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Better than a gangster movie: The real-life exploits of St. Paul’s Barker-Karpis gang

The gang shuttled in and out of St. Paul in the 1930s, committing robberies and kidnappings under the protection of a corrupt police force.

image of historic reward poster
Courtesy of the Minnesota Historical Society
Reward poster seeking Karpis and Barker for the 1931 murder of Sheriff C. R. Kelly, the crime that drove the gang from Missouri to St. Paul.
The Barker‒Karpis gang, a revolving cast of Midwestern criminals, shuttled in and out of St. Paul in the 1930s, committing robberies and kidnappings under the protection of a corrupt police force.

In 1932, the Barker‒Karpis gang rented a house at 1031 South Robert Street in St. Paul, posing as a family of speakeasy musicians. Fred Barker and Alvin “Creepy” Karpis, the gang’s principal members, had entered St. Paul, then a haven for criminals, after killing a Missouri sheriff. Other members included Fred’s brother Arthur (called Doc) and his mother, Kate (called Ma).

Later that year, the gang robbed Minneapolis’s Third Northwestern Bank. While they emptied the vault, a teller activated an alarm, and two officers—Ira Evans and Leo Gorski— responded. The gang’s lookout, Larry DeVol, fired into their patrol car, killing Evans and wounding Gorski.

A few months later, the gang planned the kidnapping of William Hamm Jr., president of Hamm’s Brewing Company. On June 15, 1933, Doc Barker and Charles “Fitz” Fitzgerald approached Hamm as he walked home for lunch. They wrestled him into Alvin Karpis’s car, placing a pillowcase and goggles over his head. En route to their suburban Chicago hideout, they forced Hamm to sign ransom notes demanding $100,000 (more than $1.8 million in 2018).

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William W. Dunn, the brewery’s sales manager, quickly became the gang’s contact. He was instructed to bring the ransom money to Duluth and wait for five rear headlight flashes before dropping it beside the road. After receiving the ransom, the gang released Hamm and headed to Chicago.

After returning to St. Paul in August, the gang planned to rob the payroll of Swift and Company, a meatpacking plant, as it was transferred from a Minneapolis vault to St. Paul’s stockyards. While robbing the messengers, Doc and Karpis shot accompanying officers John Yeaman and Leo Pavlak. The gang stole $33,000 and escaped in an armored car, aided by a smokescreen.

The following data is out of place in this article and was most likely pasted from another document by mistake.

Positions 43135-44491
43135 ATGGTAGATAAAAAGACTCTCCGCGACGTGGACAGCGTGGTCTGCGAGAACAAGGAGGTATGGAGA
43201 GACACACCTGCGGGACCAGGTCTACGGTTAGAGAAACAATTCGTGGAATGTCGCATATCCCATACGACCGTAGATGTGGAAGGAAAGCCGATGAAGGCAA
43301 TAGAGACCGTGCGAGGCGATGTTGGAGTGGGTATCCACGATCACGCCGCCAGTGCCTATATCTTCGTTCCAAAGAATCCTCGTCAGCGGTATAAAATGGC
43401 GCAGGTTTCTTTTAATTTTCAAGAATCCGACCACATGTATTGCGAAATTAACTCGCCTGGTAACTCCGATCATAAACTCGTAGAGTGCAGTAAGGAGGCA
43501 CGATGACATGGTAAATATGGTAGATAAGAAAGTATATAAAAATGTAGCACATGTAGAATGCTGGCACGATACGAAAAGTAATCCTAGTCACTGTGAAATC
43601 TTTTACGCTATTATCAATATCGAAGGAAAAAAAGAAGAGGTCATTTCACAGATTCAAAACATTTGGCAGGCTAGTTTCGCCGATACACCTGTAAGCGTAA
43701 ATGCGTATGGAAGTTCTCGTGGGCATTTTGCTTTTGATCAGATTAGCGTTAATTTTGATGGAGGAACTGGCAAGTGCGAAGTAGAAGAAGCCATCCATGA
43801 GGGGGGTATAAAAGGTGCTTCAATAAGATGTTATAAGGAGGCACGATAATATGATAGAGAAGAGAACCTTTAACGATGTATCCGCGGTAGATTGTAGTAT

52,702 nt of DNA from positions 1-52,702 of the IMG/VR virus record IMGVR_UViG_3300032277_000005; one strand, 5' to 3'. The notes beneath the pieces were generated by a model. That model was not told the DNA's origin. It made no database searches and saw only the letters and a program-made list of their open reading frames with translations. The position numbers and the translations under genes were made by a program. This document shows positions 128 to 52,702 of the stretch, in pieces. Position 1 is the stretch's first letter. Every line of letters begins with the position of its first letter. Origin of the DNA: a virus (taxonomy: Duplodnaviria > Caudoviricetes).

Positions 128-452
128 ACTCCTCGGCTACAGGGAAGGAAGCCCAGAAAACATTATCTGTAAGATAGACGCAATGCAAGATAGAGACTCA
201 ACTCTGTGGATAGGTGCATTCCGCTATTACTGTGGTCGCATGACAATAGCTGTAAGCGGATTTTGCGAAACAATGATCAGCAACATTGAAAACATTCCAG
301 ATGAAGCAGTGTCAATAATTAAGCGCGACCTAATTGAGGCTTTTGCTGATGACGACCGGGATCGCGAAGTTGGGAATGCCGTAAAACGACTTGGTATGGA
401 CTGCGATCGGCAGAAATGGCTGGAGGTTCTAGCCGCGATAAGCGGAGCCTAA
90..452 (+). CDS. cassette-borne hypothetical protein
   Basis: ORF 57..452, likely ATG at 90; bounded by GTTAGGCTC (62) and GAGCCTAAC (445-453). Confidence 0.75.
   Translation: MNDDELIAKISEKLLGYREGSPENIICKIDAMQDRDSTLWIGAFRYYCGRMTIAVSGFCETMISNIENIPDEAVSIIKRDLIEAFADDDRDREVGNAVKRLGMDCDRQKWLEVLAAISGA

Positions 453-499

Over the next four months, the gang planned their final major crime: the kidnapping of Commercial State Bank president Edward Bremer. On January 17, Bremer was driving to work when he stopped at the corner of Lexington Parkway and Goodrich Avenue. A gang-driven car blocked his path while another pulled up behind. The kidnappers opened Bremer’s door; when he struggled, the kidnappers pushed him to the floor. They then abandoned Bremer’s sedan, forcing him to sign ransom notes.

Within two hours, Bremer family friend Walter W. Magee received ransom instructions. The $200,000 was requested in $5 and $10 bills. When ready, Magee was to print “We are ready Alice” in the Minneapolis Tribune‘s personal ads.

Magee ran the ad, but the gang did not respond. They delivered several other ransom notices to people close to the Bremer family, but because of the blood left in Bremer’s car, his family suspected he was already dead. Edward’s father, Adolph Bremer, demanded a note in his son’s handwriting before he would pay. The next day a bank cashier received the requested note.

The gang finally delivered instructions for ransom payment to priest Father John Deere, another friend of the family. On February 6, Magee, following the instructions, located a car with Shell Oil stickers in St. Paul, transferred the ransom into the car, and trailed a bus for Rochester. After seeing a cluster of red lights on a hillside, Magee turned down the next gravel road, driving until he saw five headlight flashes. He placed the money beside the road and drove off.

The gang released Bremer after twenty-one days of captivity. They drove to Chicago to launder the ransom but realized the FBI had recorded the serial numbers on the bills.

The next spring, a Wisconsin farmer found a discarded gas can that the gang had used to refuel their car between Chicago and Minneapolis. FBI investigators lifted Doc’s fingerprints from the can to connect the gang to the kidnappings.

Gang members scattered across the US to escape the FBI. Fred and Ma Barker holed up in Ocklawaha, Florida, where the FBI eventually located them. On January 16, 1935, both Barkers were killed in a shootout with FBI officers. Karpis remained on the run until the FBI arrested him May 1, 1936. He was sentenced to life imprisonment and served twenty-six years in Alcatraz.

For more information on this topic, check out the original entry on MNopedia.